Another review of Dysgenics was written in 2002 by Nicholas Mackintosh , emeritus professor of experimental psychology in the University of Cambridge.  Mackintosh wrote that, "with a cavalier disregard for political correctness, he argues that the ideas of the eugenecists were correct and that we ignore them at our peril." While recognising that the book provides a valuable and accurate source of information, he criticised Lynn for "not fully acknowledg[ing] the negative relationship between social class and education on the one hand, and infant mortality and life expectancy on the other." He questioned Lynn's interpretation of data. He also points out that according to Lynn's reading of the theory of natural selection, "if it is true that those with lower IQ and less education are producing more offspring, then they are fitter than those of higher IQ and more education". According to Mackintosh, eugenicist arguments are not based on a "biological imperative, but rather on a particular set of value judgements."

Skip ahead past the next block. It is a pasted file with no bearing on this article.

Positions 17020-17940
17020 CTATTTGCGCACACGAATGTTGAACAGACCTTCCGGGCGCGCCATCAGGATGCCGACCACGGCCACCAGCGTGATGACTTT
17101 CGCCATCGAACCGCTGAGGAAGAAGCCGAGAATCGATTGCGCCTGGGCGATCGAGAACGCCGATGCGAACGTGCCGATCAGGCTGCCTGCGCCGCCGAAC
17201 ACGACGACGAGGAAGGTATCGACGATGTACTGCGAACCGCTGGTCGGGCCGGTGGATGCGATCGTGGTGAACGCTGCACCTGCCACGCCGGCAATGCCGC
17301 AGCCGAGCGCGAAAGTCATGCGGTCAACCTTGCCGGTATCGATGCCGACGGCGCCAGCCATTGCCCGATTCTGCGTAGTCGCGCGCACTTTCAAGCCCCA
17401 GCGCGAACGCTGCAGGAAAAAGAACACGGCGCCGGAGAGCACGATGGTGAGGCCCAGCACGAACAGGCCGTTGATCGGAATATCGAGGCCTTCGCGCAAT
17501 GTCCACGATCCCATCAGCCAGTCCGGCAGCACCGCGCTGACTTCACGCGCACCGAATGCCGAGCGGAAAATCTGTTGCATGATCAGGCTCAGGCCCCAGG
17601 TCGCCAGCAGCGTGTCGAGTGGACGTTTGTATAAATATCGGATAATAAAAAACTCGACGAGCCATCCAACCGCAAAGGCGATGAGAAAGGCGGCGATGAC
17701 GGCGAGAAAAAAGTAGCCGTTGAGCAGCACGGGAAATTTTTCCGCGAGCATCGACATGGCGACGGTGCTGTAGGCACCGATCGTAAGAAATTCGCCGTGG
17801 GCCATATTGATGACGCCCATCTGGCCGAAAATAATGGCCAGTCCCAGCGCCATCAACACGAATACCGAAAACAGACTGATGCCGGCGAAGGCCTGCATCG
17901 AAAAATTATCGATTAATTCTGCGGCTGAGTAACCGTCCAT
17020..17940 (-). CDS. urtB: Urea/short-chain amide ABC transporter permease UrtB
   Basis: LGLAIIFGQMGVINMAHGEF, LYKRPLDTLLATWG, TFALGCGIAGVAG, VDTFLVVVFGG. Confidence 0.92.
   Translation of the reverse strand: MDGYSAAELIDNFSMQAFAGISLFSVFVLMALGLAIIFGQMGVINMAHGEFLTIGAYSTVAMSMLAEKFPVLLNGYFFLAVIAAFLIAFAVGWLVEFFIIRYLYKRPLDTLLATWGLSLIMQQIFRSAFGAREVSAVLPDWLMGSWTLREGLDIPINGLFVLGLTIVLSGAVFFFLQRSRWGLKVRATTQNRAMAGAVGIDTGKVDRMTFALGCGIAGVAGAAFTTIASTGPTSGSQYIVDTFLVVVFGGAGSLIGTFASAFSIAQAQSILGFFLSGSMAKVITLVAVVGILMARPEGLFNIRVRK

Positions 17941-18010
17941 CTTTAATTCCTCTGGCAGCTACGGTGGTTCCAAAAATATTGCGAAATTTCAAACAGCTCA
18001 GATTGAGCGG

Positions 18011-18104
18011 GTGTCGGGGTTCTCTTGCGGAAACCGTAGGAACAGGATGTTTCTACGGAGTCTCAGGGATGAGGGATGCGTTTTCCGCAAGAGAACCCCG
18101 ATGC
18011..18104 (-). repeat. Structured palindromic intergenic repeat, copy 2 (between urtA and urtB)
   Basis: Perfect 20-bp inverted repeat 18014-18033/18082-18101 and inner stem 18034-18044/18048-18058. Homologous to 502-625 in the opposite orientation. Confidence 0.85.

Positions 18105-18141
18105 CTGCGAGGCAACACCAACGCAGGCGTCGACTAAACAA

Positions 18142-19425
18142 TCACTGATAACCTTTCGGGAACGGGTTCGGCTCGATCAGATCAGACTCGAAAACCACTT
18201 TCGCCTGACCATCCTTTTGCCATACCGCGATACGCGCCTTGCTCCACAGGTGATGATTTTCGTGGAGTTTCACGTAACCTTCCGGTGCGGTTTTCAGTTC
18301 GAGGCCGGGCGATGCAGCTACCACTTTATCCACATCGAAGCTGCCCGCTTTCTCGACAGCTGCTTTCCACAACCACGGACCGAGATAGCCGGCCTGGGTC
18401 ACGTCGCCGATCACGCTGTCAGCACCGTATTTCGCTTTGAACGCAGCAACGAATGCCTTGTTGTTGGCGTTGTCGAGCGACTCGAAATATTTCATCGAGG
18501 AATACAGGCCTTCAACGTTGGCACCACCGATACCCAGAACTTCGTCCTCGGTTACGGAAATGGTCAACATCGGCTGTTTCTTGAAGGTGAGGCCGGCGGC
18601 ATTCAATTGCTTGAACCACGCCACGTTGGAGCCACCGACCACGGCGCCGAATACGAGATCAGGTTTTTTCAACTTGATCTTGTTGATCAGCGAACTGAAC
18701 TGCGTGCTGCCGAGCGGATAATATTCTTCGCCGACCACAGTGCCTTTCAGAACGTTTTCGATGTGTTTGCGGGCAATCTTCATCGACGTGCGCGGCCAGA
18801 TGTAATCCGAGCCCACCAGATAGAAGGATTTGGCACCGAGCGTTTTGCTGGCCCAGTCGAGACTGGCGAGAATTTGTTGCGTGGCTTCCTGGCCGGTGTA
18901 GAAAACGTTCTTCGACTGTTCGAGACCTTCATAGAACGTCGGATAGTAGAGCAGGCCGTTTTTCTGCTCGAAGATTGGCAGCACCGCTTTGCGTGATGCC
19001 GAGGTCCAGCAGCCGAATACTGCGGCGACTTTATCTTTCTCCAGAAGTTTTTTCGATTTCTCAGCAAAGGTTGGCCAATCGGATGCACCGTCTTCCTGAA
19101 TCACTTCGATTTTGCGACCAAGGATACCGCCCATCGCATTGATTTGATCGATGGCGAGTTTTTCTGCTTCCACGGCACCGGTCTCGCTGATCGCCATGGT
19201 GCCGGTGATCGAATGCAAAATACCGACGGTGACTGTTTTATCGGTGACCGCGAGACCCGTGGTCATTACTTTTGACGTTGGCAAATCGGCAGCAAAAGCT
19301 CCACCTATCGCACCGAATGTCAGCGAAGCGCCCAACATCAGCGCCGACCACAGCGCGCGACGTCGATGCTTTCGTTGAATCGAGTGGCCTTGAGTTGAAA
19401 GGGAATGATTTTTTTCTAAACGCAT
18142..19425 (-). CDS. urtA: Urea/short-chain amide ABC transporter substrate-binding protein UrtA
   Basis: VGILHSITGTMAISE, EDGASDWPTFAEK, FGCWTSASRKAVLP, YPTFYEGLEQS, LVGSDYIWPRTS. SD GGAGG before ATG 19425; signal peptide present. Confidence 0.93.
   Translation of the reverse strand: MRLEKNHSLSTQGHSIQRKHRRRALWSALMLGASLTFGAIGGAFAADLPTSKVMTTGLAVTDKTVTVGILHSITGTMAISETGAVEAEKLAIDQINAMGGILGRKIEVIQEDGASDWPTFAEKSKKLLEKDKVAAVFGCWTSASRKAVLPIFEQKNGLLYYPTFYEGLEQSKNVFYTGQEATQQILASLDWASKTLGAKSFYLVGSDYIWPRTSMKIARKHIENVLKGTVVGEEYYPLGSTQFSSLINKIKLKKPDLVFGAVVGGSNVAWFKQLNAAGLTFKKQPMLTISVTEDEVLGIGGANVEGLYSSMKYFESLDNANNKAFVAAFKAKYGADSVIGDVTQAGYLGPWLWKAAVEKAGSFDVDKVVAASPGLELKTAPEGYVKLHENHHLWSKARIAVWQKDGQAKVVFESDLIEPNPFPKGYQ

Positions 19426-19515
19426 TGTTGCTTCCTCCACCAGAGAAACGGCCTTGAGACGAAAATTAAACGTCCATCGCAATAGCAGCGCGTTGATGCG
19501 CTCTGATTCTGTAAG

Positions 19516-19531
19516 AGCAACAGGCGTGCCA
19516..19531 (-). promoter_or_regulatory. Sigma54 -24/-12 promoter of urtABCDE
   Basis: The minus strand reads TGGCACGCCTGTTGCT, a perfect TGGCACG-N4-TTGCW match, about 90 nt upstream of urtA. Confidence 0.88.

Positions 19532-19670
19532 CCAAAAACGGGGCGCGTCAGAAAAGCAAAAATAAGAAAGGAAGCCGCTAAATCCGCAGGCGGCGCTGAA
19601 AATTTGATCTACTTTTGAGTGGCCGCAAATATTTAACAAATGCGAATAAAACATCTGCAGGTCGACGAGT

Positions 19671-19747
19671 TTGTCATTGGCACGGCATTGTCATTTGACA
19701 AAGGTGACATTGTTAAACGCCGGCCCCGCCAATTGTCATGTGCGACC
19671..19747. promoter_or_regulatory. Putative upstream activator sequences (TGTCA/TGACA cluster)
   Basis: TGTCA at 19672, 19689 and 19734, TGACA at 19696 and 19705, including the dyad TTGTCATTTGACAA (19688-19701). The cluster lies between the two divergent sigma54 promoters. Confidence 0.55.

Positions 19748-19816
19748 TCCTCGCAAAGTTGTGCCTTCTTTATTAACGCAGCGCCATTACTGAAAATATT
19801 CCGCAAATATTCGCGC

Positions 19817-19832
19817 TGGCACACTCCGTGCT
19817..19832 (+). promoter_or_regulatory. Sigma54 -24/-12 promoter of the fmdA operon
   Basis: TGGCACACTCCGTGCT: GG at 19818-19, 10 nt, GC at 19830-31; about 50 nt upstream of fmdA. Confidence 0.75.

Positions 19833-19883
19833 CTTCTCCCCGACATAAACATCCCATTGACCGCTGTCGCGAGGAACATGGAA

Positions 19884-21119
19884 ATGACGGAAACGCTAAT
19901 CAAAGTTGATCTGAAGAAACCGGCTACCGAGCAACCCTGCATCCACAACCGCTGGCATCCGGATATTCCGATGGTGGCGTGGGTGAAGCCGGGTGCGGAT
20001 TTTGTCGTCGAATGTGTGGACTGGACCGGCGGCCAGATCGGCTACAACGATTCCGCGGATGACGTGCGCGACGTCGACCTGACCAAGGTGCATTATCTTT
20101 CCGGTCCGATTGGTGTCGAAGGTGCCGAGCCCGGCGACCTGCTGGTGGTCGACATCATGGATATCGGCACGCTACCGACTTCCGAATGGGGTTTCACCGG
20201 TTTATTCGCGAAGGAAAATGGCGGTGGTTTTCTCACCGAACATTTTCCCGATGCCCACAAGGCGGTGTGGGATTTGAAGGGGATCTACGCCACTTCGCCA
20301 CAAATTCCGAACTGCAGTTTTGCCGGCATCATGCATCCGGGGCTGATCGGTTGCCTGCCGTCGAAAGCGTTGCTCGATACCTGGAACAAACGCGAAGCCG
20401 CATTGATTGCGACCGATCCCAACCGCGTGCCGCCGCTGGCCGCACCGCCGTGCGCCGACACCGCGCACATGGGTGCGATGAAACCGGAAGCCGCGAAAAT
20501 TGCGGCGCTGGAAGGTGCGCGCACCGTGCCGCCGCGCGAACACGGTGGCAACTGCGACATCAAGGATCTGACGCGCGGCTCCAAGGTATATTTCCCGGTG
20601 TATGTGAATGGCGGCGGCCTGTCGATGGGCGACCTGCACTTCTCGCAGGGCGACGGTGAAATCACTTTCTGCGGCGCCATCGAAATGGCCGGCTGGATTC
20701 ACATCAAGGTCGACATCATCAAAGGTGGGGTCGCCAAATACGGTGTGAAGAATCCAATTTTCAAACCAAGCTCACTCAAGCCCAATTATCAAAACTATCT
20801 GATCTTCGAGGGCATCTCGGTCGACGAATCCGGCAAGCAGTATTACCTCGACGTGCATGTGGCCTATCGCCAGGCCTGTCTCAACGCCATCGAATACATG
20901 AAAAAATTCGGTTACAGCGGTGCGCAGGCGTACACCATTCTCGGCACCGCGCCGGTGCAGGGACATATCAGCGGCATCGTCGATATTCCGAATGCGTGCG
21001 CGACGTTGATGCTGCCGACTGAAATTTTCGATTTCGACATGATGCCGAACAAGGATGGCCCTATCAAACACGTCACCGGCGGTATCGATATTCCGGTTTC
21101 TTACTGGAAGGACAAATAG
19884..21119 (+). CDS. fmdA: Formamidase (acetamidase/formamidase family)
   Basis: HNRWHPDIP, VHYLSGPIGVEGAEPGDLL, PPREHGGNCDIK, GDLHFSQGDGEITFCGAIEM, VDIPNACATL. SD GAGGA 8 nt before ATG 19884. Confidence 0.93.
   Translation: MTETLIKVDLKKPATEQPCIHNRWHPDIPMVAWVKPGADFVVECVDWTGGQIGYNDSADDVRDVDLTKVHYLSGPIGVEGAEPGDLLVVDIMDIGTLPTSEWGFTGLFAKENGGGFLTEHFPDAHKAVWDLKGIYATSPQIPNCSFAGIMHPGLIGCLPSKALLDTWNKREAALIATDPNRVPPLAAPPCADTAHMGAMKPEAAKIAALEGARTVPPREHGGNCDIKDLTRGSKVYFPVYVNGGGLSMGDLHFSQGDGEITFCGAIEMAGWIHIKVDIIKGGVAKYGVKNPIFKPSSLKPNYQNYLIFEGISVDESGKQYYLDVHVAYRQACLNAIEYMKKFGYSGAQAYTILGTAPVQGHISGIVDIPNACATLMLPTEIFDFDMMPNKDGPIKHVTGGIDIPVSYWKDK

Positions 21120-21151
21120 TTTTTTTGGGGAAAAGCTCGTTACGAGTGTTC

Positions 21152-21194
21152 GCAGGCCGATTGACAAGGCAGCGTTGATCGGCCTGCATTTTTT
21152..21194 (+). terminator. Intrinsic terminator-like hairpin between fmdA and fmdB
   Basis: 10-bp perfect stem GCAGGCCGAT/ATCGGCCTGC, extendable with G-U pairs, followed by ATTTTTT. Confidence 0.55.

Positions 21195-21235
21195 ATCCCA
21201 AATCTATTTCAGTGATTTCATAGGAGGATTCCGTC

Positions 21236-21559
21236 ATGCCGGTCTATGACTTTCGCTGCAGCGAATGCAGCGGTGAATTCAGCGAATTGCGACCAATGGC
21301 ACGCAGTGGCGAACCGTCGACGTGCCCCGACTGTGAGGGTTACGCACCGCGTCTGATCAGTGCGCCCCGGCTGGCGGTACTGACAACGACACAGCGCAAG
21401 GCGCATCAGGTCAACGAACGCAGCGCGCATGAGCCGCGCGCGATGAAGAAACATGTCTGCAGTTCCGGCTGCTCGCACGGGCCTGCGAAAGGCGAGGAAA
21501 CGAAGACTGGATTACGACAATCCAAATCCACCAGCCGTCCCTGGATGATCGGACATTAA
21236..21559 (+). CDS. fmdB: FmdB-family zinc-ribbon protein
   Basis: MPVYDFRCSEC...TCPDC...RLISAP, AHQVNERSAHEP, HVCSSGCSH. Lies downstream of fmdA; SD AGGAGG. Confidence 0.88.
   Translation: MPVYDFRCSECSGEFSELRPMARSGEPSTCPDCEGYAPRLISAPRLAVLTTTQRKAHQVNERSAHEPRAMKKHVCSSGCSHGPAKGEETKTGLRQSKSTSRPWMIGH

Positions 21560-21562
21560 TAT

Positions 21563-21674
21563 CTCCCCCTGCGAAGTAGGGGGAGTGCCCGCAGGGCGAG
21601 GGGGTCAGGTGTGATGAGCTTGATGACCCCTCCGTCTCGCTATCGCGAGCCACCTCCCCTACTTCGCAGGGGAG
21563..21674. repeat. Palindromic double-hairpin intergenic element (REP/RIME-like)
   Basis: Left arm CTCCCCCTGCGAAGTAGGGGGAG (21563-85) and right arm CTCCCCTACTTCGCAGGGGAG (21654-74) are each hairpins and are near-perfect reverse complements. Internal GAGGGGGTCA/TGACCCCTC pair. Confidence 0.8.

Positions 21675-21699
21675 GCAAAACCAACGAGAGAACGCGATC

8 Now, how can we account for these facts on any of the known data on which we have at present to rely ? In my opinion, we shall have to go far deeper down than we have been able to go by any present means of observation--to the corpuscles, atoms, electrons, or whatever else there may be; and we shall find these subjected to subtle influences of mind and body during their formations and combinations, of which we hardly realize the importance. I believe that in these potent factors the solution of the problem may be found why one member of a family rises above others, and others do not rise above the ordinary level, but perhaps sink below it. To me it seems, when I consider this matter in regard to these difficulties, that in making a comparison with the improvement of breeding of animal stock we may be apt to be misled. We are all organic machines, so to speak; at the same time, when we come to the human being there are complexities which arise from the mental state and its moods and passions which entirely disturb our conclusions, which we should be able to form in regard to the comparatively simple machines which animals are.